But following the controversy generated by the letter, a committee was set up by the government to reconcile the accounts of the corporation.
Sanusi later recanted and said the unremitted fund was $12bn. He later changed the figure to $20bn.
PwC, in its report stated that while the total gross revenues generated from crude oil liftings amounted to $69.34bn between January 2012 and July 2013 and not $67bn as earlier stated by the Senate Reconciliation Committee, what was remitted to the federation account was $50.81bn and not $47bn.
Within the $69.34bn, the audit report revealed that $28.22bn was the value of domestic crude oil allocated to NNPC, adding that the total amount spent on subsidy for Premium Motor Spirit amounted to $5.32bn.
The PwC report read in part, “Signature bonus, Petroleum Profit Tax and Royalty yet to be paid by NPDC is $2.22bn. Total cash remitted into the federation accounts in relation to crude oil liftings was $50.81bn and not $47bn as earlier stated by the Senate Reconciliation Committee for the period January 2012 to July 2013.
“Based on the information available to PwC, and from the above analysis, the firm submitted that NNPC and NPDC should refund to the federation accounts a minimum of $1.48bn.”
Last week, the Minister of Petroleum Resources, Mrs Diezani Alison-Madueke, disclosed that the NNPC had started refunding the unremitted $1.48bn into the federation account.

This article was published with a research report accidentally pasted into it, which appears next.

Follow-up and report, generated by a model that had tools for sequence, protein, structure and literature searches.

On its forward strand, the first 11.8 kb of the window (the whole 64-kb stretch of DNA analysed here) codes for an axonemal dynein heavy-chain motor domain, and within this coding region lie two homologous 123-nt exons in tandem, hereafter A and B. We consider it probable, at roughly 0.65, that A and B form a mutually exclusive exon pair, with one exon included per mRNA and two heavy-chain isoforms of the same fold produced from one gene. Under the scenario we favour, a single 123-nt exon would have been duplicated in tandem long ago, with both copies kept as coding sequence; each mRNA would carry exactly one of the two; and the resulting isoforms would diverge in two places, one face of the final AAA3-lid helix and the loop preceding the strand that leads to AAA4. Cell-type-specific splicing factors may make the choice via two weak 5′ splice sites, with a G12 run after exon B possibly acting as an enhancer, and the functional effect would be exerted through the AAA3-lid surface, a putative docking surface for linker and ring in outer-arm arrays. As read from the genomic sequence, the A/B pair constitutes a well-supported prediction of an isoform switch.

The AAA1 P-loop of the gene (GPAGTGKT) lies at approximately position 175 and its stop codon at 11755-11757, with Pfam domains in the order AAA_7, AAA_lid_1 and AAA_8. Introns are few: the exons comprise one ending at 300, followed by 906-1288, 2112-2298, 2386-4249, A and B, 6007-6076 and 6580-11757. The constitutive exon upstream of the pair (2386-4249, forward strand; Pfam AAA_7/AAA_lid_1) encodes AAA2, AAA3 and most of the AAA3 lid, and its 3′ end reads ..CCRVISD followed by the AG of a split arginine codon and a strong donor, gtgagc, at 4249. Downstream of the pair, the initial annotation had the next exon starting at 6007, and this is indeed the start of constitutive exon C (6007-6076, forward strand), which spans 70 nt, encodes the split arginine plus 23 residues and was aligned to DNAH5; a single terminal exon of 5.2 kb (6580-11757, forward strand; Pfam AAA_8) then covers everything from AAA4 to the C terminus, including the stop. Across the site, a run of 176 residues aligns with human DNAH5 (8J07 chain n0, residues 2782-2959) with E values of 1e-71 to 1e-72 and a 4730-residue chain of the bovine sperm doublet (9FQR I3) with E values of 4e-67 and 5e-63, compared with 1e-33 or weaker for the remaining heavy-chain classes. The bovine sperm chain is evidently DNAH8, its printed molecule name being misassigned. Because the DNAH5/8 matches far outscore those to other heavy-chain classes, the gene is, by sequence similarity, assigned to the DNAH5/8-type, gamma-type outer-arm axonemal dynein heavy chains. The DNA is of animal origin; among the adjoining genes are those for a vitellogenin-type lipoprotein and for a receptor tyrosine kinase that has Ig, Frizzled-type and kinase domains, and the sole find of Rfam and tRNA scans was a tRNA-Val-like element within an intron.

But while expressing gratitude to the visiting delegation, Buhari said his administration would work in tandem with the manifesto of the APC.
He listed priority areas to include security of lives and property, the economy and job creation as well as the war against corruption.
On the issue of security, he described the menace of Boko Haram as purely the evil of terrorism which has no link to religion.
Buhari said, “ We thank God that it is now evident that this problem of Boko Haram is not a religious problem. It is purely terrorism. I said it earlier that all the religions we practise,especially Islam and Christianity, do not support terrorism.
“So,anyone who goes and kills people in the mosque, church, market, motor park or school either does not know what Allahuakbar (God is great) means or does not believe in it. This is terrorism. It is our hope that God gives us the power to end this.”
The former Head of State said that unemployment must be urgently tackled because it constituted a threat to Nigeria’s survival.
He explained that from his campaign stops in 35 out of the nation’s 36 states, the sheer number of jobless youths they saw signposted clearly that there was a serious crisis at hand.
Buhari said, “From the airports to the streets, we saw youths running after our vehicles sweating. Some were walking the whole distance to wherever we were driving to. Whether they went to school or did not go to school, it was evident that they don’t have jobs. This is one of the biggest problems we have in Nigeria today.
“Most of our youths,who form 60 per cent of our population in Nigeria are without jobs. These people who are still bubbling with energy will constitute a danger to this nation if they don’t get jobs.”
The President-elect took a swipe at the outgoing Peoples Democratic Party-led Federal Government for ‘‘inflicting a lot of pains on Nigerians with its misrule.’’
He however said that the military deserved commendation for regaining many territories it hitherto lost to Boko Haram in the North-East.
Buhari said, “Among the worst atrocities committed against Nigeria by the PDP is what it has done to our military.